Saturday, May 08, 2010

Two movies and a thought

This week I saw two highly interesting movies and unbeknownst to me, these movies revolved around a topic seldom ever discussed - mental health. One was a Martin Scorsese beauty called Shutter Island and the other was a Steven Soderbergh wonder called the Informant. And each had a characteristic trademark of the respective directors.

Shutter Island is a story about 2 Federal Marshals sent to Shutter Island, which houses a high security facility for the criminally insane. There are 3 buildings there, Ward A for men, Ward B for women and Ward C for the most dangerous lot. The 2 marshals are called in to find an escaped convict sorry patient, for that is what the shady shrink played by Ben Kingsley repeatedly corrects the marshals for. Leo Di Caprio plays one marshal and Mark Ruffalo, the other. Several vivid images are intertwined here and that adds to the edge-of-the-seat cinematic brilliance.

For instance, Leo keeps getting flashes of his past life in a Nazi camp, where he was one of the soldiers who ruthlessly killed several German guards. And then there is the track of his wife who he claims was killed in a fire that gutted her apartment. So one track has Leo wanting to come to Shutter Island, since the pyromaniac apartment supervisor who set the fire in the apartment was there. Leo keeps seeing his dead wife who tells him what to do, adding to his confusion. Almost as in 'The Departed', there is this constant undercurrent of suspicion, since one day, the missing convict resurfaces. And how she escaped an electric fence, and sharp rocks without a shoe is a mystery. Her crime, of having drowned her kids is a mystery as well, since she maintains she didn't do it and her kids are in school. So everything is a mystery.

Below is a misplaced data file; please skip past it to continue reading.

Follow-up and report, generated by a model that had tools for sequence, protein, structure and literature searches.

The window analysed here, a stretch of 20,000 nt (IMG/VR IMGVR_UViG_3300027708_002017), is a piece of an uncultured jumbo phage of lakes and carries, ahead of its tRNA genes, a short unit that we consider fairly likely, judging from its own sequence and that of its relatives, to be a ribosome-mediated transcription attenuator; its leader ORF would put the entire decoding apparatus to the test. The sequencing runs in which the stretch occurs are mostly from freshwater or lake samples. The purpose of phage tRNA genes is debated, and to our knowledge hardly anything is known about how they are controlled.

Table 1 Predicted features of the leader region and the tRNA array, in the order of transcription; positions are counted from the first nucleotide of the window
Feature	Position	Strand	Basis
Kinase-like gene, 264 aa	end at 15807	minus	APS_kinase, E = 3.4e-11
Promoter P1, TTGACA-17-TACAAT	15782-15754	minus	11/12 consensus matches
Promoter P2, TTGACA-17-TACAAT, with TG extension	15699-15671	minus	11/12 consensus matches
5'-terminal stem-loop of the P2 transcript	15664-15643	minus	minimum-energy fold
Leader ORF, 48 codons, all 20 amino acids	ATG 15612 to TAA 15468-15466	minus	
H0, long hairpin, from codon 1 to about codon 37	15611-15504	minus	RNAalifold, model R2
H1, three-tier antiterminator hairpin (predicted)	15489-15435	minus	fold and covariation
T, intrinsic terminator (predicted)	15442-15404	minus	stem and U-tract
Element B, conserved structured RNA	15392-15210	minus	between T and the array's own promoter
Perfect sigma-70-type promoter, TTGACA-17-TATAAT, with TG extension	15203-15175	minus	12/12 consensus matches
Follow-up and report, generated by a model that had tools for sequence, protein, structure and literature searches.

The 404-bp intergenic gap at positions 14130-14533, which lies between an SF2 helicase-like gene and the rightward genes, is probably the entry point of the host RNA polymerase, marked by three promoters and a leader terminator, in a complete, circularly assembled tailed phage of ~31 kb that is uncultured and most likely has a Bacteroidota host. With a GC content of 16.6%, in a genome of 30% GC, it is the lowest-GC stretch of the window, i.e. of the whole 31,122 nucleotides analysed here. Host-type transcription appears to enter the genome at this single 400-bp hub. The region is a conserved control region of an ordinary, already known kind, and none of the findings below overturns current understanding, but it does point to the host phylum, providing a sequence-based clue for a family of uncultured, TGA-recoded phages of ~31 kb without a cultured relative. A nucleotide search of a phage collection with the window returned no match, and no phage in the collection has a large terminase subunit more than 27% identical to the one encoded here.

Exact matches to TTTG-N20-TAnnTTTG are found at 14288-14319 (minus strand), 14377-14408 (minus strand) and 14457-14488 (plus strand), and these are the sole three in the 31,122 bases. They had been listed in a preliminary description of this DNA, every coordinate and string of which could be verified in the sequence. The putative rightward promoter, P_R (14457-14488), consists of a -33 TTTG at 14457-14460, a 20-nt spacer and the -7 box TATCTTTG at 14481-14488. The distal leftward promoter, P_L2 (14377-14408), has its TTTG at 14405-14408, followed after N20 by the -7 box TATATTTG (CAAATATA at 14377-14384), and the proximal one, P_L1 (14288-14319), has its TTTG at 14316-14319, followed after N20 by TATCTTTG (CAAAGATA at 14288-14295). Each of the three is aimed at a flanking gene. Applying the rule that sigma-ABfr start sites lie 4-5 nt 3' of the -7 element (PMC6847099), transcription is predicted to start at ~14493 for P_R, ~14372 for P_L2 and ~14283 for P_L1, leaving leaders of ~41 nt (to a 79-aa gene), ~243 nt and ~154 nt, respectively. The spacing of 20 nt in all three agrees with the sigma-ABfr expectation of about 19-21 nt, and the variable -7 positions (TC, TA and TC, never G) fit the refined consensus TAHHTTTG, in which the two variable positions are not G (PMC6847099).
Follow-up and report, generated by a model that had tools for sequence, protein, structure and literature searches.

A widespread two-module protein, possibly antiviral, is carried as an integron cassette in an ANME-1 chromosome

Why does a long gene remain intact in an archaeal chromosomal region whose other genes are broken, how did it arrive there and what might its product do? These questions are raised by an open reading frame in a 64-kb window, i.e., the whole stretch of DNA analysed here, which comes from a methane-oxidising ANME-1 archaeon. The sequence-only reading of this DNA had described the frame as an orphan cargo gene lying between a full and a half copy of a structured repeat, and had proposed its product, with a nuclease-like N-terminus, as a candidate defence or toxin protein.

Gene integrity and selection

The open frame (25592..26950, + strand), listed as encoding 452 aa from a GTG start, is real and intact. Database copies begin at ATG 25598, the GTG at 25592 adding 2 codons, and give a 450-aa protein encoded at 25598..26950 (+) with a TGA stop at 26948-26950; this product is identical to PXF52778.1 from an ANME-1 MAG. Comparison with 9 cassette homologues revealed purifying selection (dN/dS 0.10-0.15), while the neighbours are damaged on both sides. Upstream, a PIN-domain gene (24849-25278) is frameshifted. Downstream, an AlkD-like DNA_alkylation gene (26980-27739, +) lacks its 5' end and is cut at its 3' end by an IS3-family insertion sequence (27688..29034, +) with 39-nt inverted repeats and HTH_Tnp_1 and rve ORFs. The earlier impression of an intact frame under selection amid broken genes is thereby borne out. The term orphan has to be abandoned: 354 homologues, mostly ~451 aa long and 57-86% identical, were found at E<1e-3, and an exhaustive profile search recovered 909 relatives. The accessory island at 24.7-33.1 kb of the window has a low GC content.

And then there is a lighthouse, where nefarious acts are said to be taking place. What exactly are those acts? What massive cover up is being staged? Why does Ben Kingsley act strange? Why is the escaped convict's psychiatrist on holiday a day after she mysteriously escapes? And then on one such search, Leo's partner goes missing. Where did he go? Who is the unknown woman in a cave? It really gets interesting and the end is intense, and in typical Scorsese style - it is a surprise twist.

As for The Informant, its based on a true story, with Matt Damon playing the central anti-hero in a completely believable man-next-door demeanor. He plays an insider who turns whistleblower in exposing one of corporate America's frauds in relation to price fixing. he cohorts with the FBI in exposing these crimes and also tapes conversations, endangering his career. All hell though breaks loose, when he begins to be investigated as well, for embezzlement and he comes up with a labyrinth of lies beginning from his alleged adoption! The story has everything from fraud to lies to embezzlement to bipolar disorder all shot in typical Soderbergh style with an unrelated jazz track in the background!

The fact that we have so many movies on mental health, ranging from topics around schizophrenia, insanity and depression, I guess goes on to show the trends of our times. Mental health issues are a reality. And the mind is more mysterious, since hardly anyone has been able to unlock everything about it. Celebrity suicides, bipolar disorder, numerous cases of people killing their kin and committing suicide - the list is endless. The lack of awareness makes one look down upon the mentally unstable, and not give them the help and aid they need. When in reality, diseases of the mind are just like any other ailment, only perhaps more complex. And movies like these, are certainly a step in the right direction, since if not anything else, we know about the existence of such issues!

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